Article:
Global mobility – high-skilled professionals and their families

Highly-educated professionals are increasingly mobile across borders – seeking fulfilling, and well remunerated jobs, and maybe a different lifestyle. Such mobility is not frictionless – skills and expertise are not always fully recognized or used by new employers, for a range of reasons that can be hard for newcomers to discern or unpick.

It can be difficult to find professional or social networks in a new society. Partners and children can struggle with the transition. But these families also embrace the upsides of mobility – cosmopolitan orientations, international credentials, cultural and linguistic flexibility, imagining futures on a transnational scale, living in privileged spaces.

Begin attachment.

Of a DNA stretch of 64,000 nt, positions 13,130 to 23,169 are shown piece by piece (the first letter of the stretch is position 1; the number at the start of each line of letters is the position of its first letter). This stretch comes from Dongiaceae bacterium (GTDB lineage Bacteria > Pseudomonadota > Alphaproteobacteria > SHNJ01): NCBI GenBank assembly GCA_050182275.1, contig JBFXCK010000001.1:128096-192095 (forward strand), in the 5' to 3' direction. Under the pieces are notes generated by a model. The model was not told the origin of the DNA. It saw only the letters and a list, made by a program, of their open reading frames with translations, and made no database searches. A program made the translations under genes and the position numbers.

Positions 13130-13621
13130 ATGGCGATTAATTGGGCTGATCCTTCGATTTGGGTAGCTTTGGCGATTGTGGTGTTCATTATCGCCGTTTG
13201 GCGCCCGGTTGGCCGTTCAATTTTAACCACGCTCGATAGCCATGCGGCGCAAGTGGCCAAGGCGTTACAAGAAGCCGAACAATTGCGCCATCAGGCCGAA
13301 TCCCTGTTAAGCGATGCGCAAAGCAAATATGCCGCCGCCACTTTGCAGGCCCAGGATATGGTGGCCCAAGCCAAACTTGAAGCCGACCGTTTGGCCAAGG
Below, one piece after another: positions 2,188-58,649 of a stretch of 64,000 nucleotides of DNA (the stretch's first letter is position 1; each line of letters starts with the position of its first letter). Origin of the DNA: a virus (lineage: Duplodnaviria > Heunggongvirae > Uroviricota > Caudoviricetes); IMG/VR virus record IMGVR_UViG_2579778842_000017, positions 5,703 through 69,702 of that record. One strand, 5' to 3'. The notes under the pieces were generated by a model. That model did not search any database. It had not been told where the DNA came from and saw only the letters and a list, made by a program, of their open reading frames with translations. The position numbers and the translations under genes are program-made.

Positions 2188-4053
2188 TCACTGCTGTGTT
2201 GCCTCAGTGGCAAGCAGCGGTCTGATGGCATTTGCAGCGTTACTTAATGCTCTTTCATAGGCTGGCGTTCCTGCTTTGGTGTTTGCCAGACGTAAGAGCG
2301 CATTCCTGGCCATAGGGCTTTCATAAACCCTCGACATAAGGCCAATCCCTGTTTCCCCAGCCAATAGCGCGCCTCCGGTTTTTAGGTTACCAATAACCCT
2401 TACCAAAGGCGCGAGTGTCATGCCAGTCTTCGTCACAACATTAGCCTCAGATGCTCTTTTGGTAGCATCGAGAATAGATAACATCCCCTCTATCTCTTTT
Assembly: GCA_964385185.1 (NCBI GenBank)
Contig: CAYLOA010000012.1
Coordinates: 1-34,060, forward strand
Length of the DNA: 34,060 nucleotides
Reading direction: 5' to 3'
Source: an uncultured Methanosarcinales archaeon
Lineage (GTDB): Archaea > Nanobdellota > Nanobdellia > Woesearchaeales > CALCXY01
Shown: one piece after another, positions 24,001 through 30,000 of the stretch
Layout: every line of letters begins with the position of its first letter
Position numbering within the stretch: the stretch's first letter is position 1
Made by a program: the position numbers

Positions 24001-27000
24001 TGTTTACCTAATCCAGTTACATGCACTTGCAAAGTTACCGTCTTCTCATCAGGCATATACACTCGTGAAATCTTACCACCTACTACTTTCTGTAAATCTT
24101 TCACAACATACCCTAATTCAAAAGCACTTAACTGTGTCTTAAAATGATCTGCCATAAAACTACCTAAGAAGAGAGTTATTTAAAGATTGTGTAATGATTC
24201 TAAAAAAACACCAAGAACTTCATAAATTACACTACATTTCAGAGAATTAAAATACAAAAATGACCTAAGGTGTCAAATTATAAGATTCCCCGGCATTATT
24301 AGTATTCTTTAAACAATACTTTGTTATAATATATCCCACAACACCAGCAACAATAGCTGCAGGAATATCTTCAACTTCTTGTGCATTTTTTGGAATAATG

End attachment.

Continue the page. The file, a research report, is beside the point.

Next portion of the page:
My research documents the experiences of these high-skilled professionals. It helps the companies employing them understand how to retain and support their expensive hires. Related issues I research include family practices, parenting decisions around education, negotiations around identity and belonging.

My work has been funded by the Innovation Fund Denmark, the Independent Research Fund Denmark, the Israeli Science Foundation, and the British Association of Comparative and International Education.

Recent publications include:

Beech, J., Koh, A., Maxwell, C., Yemini, M., Tucker, K. & Barrenechea, I. (2021) ‘Cosmopolitan start-up’ capital: mobility and school choices of global middle class parents. Cambridge Journal of Education, 51(4): 527-541.

Yemini, M., Maxwell, C., Koh, A., Tucker, K., Barrenechea, I. & Beech, J. (2020) Mobile nationalism: parenting and articulations of belonging among globally mobile professionals. Sociology, 54(6):1212-1229.

Maxwell, C. & Yemini. M. (2019) Modalities of cosmopolitanism and mobility: parental education strategies of global, immigrant and local middle-class Israelis. Discourse: Studies in the Cultural Politics of Education, 40(5): 616-632.

Please email me if you would like a full PDF of any of these papers.

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